Monday, November 05, 2012

The Coming International Climate Wars

Lost amidst my thorny thicket of CAPTCHA (sorry about that; I hate it too, but otherwise I get too much comment spam), Andrew Revkin sends along this relevant link to a post he wrote last year:

What if: Standing in Line for Climate Aid
Lisa Friedman of Climatewire has an excellent story on The Times Web site digging in on an issue I’ve touched on periodically here — the prospect of intensifying fights over whatever money might flow someday to poor countries exposed to risks thought to be amplified by human-driven global warming.
He quotes from her piece:
Is it worse to be swallowed by the sea or racked by famine?

As climate change tightens its grip on the world, institutions charged with protecting the most vulnerable nations could be faced with just such a question. Because there is no international consensus for ranking the possibilities of future devastation — and because there are limited dollars lined up to help cope with climate change — some countries already are battling over who will be considered most vulnerable.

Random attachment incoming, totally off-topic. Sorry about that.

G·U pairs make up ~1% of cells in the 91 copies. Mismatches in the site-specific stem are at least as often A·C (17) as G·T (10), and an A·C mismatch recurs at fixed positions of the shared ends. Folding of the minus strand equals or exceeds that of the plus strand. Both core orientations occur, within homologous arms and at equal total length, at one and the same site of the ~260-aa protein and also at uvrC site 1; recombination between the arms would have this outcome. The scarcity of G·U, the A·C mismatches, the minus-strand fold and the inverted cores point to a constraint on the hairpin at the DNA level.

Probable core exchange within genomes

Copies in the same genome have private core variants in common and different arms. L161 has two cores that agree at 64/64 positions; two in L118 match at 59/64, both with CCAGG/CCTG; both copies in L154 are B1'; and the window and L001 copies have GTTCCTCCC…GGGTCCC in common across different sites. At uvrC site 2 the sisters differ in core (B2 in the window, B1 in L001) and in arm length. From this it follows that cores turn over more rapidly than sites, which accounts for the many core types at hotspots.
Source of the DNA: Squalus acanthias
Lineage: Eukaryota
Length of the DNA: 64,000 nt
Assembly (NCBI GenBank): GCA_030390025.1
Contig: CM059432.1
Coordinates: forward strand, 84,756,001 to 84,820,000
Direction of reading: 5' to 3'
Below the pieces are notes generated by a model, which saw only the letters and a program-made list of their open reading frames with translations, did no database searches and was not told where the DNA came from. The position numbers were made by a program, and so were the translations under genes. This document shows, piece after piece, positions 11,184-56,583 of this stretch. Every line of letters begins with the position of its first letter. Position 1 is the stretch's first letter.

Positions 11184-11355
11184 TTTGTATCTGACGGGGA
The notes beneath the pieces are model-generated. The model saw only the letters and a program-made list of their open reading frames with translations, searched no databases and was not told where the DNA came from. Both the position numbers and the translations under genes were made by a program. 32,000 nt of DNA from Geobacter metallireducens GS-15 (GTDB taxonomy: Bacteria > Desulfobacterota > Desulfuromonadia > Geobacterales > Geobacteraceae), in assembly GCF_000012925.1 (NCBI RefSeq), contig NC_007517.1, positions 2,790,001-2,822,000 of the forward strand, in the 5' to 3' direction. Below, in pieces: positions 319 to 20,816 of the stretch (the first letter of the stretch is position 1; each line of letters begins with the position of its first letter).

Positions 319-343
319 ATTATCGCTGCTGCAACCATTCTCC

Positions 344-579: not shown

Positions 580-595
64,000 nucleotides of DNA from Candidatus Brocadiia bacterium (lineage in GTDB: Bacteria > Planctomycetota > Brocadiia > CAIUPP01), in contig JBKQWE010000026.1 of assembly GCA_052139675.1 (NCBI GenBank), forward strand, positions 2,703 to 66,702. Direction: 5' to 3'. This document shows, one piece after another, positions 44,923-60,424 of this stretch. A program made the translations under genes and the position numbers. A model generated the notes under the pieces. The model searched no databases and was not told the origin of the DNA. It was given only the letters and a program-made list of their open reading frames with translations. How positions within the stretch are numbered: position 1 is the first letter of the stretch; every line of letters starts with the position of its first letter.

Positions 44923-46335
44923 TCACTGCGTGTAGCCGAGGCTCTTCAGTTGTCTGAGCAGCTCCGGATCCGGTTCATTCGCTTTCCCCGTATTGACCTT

“This is a major, major topic of discussion and debate at the moment,” said Saleem Huq, head of the climate change group at the U.K.-based International Institute for Environment and Development.

Judging who is most threatened has real-world implications. Those at the top of the list — if ever such a list is developed and agreed upon internationally — could decide who is first in line to tap a multibillion-dollar Green Climate Fund.
Arguments just within the U.S. over who gets compensated by whom, and for what, are going to be bad enough. Internationally they're going to be an immense climate clusterf*ck. This is a great time to be a student starting a career in international law.

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